Ever since it began, World War II has been seen as “the good war,” to borrow the title of Studs Terkel’s Pulitzer Prize–winning oral history.1 In sharp contrast to World War I, remembered mainly for its terrible conditions in the trenches of the Western Front, its tragic waste of a whole generation of young men, and its disastrous consequences in Europe, leading to the rise of fascism and communism and the triumph of Hitler, World War II is remembered as the defeat of dictatorship by democracy, racism by tolerance, nationalism by internationalism, extremism by moderation, evil by good. It is a memory that is buried deep in the political consciousness and identity of the modern world and in particular Britain and America, where it has sustained a positive self-image ever since 1945 and underpinned the two countries’ global ambitions and roles.
Yet in recent years this positive memory has come increasingly into question. From a pacifist point of view, the war has been portrayed as a pointless struggle, not fought on moral grounds but provoked by the Allies to serve their own material interests.2 From a conservative, Euroskeptic perspective, some British historians have argued that the United Kingdom should have stayed out of both world wars, since (in their view) Germany was not a threat to world peace, and the ultimate outcome of the wars was the destruction of the British Empire, the subjugation of Eastern Europe by Stalin for nearly half a century, and the incorporation of Britain into a united Europe dominated by the Germans.3 In the US, conservative condemnation of the war has been even harsher, with the bombing of Dresden in February 1945 singled out as a war crime without parallel, Winston Churchill castigated as a warmonger, and the US blamed for sparking the conflict in the East by ejecting the Japanese from the international community in the 1920s.4
It is probably fair to say that these views have not had much impact on public memory in Britain and America; nor have they been widely accepted by scholars. Popular fascination with World War II in particular continues to be led by an enthusiasm for experiencing vicariously the heroic struggle of the democracies and their armed forces against the barbarism of the Nazi forces and the sadism of the Japanese military. Yet even here, narratives of the war have more and more revealed its political ambiguities and moral complexities.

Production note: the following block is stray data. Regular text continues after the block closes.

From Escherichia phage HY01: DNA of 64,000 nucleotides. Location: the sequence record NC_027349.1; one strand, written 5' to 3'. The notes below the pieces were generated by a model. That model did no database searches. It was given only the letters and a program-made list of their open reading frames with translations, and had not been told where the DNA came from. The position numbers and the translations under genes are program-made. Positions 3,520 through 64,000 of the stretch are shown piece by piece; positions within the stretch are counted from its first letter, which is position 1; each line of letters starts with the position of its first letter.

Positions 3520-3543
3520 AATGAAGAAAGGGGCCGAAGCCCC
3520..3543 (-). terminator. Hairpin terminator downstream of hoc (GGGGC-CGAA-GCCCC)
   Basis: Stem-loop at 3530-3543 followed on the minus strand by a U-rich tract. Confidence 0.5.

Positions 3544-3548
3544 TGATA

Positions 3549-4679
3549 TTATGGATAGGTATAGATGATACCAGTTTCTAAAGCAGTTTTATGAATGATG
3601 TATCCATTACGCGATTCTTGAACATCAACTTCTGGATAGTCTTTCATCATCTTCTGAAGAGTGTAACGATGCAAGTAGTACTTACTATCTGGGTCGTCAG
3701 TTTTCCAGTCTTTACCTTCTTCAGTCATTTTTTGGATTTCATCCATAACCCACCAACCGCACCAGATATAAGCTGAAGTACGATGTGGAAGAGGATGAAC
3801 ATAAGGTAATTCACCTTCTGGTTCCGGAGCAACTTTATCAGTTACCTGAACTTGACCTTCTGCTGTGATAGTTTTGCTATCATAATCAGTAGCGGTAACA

Few authors have contributed more to this process of rethinking than the British military historian Antony Beevor. Himself a former professional soldier, he has written a series of best-selling books on major battles of World War II, including Stalingrad: The Fateful Siege (1998), winner of the Wolfson History Prize, The Fall of Berlin 1945 (2002), and D-Day: The Battle for Normandy (2009). Brilliantly written, these books won …
1 Studs Terkel, The Good War: An Oral History of World War Two (Pantheon, 1984). ↩
2 See, for example, Nicholson Baker, Human Smoke: The Beginnings of World War II, the End of Civilization (Simon and Schuster, 2008). ↩
3 John Charmley, Churchill: The End of Glory (Harcourt Brace, 1992); Niall Ferguson, The Pity of War: Explaining World War I (Penguin, 1998). ↩
4 Patrick J. Buchanan, Churchill, Hitler, and “The Unnecessary War”: How Britain Lost Its Empire and the West Lost the World (Crown, 2008). ↩
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Studs Terkel, The Good War: An Oral History of World War Two (Pantheon, 1984). ↩
See, for example, Nicholson Baker, Human Smoke: The Beginnings of World War II, the End of Civilization (Simon and Schuster, 2008). ↩
John Charmley, Churchill: The End of Glory (Harcourt Brace, 1992); Niall Ferguson, The Pity of War: Explaining World War I (Penguin, 1998). ↩
Patrick J. Buchanan, Churchill, Hitler, and “The Unnecessary War”: How Britain Lost Its Empire and the West Lost the World (Crown, 2008). ↩